How much and when to offer the child meat

Meat contains vitamins and minerals that are important for growing children, but eating it every day is not necessary or even harmful. What are the important nutrients in meat and how much is recommended?

What nutrients are found in meat

Meat contains important vitamins, minerals and nutrients such as iron, zinc, calcium, vitamins B1 and B12 and proteins. This list is especially important for a child as they are constantly growing and developing.

Protein provides the body with amino acids, the building blocks of protein in cells, while iron helps produce hemoglobin and red blood cells. Vitamins B1 and B12 contribute to the reduction of carbohydrates and the proper functioning of the heart and nervous system.

At what age can a child be offered meat

The recommended age is from six months, when the iron supply with which the baby was born is depleted. During acquaintance, it is necessary to monitor the reaction of a small organism in order to notice an allergic reaction in time. Do not give your baby raw meat, as it may contain bacteria (including Listeria) that cause stomach upset. Also avoid foods such as cooked sausages.

How much meat should a baby eat?

On average, the daily intake of meat for children is 50 grams for ages 1-8 years or 100 grams for 9-14 years. As you can see, in practice, one times more is consumed, which is not entirely correct for health. If the child is a vegetarian, you can replace this amount with vegetarian options such as legumes, nuts, and eggs.

Fish is also a healthy option, containing essential omega-3 fatty acids important for brain development in children. This substance is found exclusively in fish, so it is advisable that the child eat it every day on a sandwich or in any other form he likes.

What kind of meat can be given to children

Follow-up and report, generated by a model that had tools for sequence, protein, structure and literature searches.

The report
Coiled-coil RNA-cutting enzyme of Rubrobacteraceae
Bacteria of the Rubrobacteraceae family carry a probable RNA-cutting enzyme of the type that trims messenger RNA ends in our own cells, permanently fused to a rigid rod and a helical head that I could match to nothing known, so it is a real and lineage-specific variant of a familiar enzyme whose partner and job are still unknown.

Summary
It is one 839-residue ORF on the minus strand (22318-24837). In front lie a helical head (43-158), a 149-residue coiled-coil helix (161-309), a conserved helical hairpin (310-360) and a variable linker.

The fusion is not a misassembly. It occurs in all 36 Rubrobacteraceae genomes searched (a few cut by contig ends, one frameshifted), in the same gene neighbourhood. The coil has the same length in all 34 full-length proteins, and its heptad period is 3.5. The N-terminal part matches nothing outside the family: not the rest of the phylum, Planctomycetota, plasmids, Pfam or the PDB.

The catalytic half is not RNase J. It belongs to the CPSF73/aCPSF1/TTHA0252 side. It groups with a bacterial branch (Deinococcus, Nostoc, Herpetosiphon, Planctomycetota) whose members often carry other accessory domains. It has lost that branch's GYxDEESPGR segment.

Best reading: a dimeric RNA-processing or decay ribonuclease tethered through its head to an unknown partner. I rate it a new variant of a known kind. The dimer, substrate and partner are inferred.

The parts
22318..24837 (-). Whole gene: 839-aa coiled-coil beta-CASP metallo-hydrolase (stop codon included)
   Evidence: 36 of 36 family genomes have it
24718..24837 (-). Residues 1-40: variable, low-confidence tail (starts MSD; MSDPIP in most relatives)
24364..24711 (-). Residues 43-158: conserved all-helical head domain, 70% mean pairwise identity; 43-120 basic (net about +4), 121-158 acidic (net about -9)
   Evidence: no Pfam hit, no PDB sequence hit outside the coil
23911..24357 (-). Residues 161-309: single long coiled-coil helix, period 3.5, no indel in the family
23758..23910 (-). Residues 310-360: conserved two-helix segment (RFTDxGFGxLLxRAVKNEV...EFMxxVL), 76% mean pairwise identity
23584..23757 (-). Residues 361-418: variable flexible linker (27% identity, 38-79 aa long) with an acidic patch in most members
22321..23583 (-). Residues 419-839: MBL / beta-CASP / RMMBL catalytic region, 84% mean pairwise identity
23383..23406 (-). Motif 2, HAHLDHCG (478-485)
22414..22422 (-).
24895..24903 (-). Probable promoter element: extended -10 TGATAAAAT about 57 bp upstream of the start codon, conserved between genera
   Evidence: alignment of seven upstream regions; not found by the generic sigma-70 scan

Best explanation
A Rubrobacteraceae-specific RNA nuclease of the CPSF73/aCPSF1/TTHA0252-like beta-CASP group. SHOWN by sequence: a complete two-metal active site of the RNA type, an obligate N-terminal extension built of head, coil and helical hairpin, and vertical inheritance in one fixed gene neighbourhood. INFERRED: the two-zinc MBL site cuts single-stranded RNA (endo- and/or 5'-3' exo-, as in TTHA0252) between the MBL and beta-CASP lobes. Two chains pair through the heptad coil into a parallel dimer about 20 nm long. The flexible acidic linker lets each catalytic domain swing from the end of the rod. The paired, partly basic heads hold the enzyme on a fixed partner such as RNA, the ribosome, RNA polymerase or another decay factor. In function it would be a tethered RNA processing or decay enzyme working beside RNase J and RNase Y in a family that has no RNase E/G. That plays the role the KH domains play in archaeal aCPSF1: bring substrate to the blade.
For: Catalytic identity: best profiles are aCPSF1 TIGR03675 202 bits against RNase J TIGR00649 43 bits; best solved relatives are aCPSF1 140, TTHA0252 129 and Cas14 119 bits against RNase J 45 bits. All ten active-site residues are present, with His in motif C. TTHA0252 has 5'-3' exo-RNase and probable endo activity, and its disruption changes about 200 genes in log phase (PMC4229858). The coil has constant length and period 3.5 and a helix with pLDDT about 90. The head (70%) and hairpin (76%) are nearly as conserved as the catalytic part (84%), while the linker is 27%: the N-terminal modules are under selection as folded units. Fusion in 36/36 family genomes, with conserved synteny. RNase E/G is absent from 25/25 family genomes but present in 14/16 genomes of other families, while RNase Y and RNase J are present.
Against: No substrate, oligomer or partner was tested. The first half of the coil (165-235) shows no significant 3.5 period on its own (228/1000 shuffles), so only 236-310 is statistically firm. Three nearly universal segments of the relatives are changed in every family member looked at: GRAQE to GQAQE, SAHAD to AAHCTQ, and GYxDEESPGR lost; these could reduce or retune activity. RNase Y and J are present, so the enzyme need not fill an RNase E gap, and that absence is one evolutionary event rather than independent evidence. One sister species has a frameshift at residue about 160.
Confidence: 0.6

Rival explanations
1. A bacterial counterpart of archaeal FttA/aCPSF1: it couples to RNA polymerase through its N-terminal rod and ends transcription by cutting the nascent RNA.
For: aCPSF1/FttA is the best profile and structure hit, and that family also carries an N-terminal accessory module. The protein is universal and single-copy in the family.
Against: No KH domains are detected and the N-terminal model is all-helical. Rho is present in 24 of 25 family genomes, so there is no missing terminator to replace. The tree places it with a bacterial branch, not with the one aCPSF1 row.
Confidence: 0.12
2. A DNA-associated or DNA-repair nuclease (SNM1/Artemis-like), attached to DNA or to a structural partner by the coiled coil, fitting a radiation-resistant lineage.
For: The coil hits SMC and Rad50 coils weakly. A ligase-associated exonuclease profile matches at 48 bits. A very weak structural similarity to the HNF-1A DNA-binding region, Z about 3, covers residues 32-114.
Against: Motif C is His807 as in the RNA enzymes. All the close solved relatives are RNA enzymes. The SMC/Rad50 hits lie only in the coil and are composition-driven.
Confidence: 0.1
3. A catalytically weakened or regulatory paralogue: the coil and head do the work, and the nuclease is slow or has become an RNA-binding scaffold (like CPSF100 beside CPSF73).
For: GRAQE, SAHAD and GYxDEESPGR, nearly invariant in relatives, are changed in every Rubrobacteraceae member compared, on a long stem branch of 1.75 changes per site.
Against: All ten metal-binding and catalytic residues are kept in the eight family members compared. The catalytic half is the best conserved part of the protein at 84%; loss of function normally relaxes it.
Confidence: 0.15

As mentioned earlier, meat is not always healthy, it is better to make the right menu between meat, fish, poultry and vegetarian dishes. Below is an example of a varied menu that replaces meat with equally nutritious options:

Once a week:

  • fish
  • legumes
  • nuts
  • eggs
  • lean beef
    Twice a week:
  • chicken/turkey

On other days, the child is offered chicken fillet, chicken drumstick and turkey fillet. Chicken fillet is perfect for bread, as well as slices of boiled vegetables or salad.

Processed meats include all meats that are not sold raw and have been prepared by salting, smoking, drying, curing, or other process to enhance flavor and/or extend their shelf life. Examples: ham, salami, bacon, smoked sausage. These products contain a lot of salt and fats that are harmful to the health of a person of any age, and are completely prohibited for children.

It is also not recommended to give children liver products, such as sausage or pâté. They are high in salt, saturated unhealthy fats, and vitamin A. The recommended daily intake of vitamin A for a child under 2 is 300 micrograms per day. The safe upper limit is a maximum of 800 micrograms per day. One sandwich with a spread of sausage already contains about 1200 mcg of this vitamin, so children under 4 years old should not be given this option.

If your child does not eat meat

Giving up meat shouldn’t be a tragedy for a child; on the contrary, there are health and environmental benefits. Red, and especially processed, can be harmful, usually an increased risk of diabetes, stroke, and other nasty diseases. Luckily, your child can eat healthy, lean foods without being deficient in protein.

Complete meat replacement is not a problem if you choose foods such as eggs, tofu, legumes (beans, chickpeas, lentils) or a vegetarian product that has added vitamins B1 and B12.

Iron is a nutrient that you can also find in vegetables, but the body absorbs it less than from animal products, the way out is vitamin C, which promotes the absorption of iron from any food, so it is recommended to eat fruits and vegetables during breakfast or lunch .

If you decide to feed your baby in a completely vegetarian way (without animal products), consult a nutritionist. Then the likelihood of a lack of iron and protein will be significantly reduced. The specialist will help you create a menu and make sure that the child receives all the nutrients.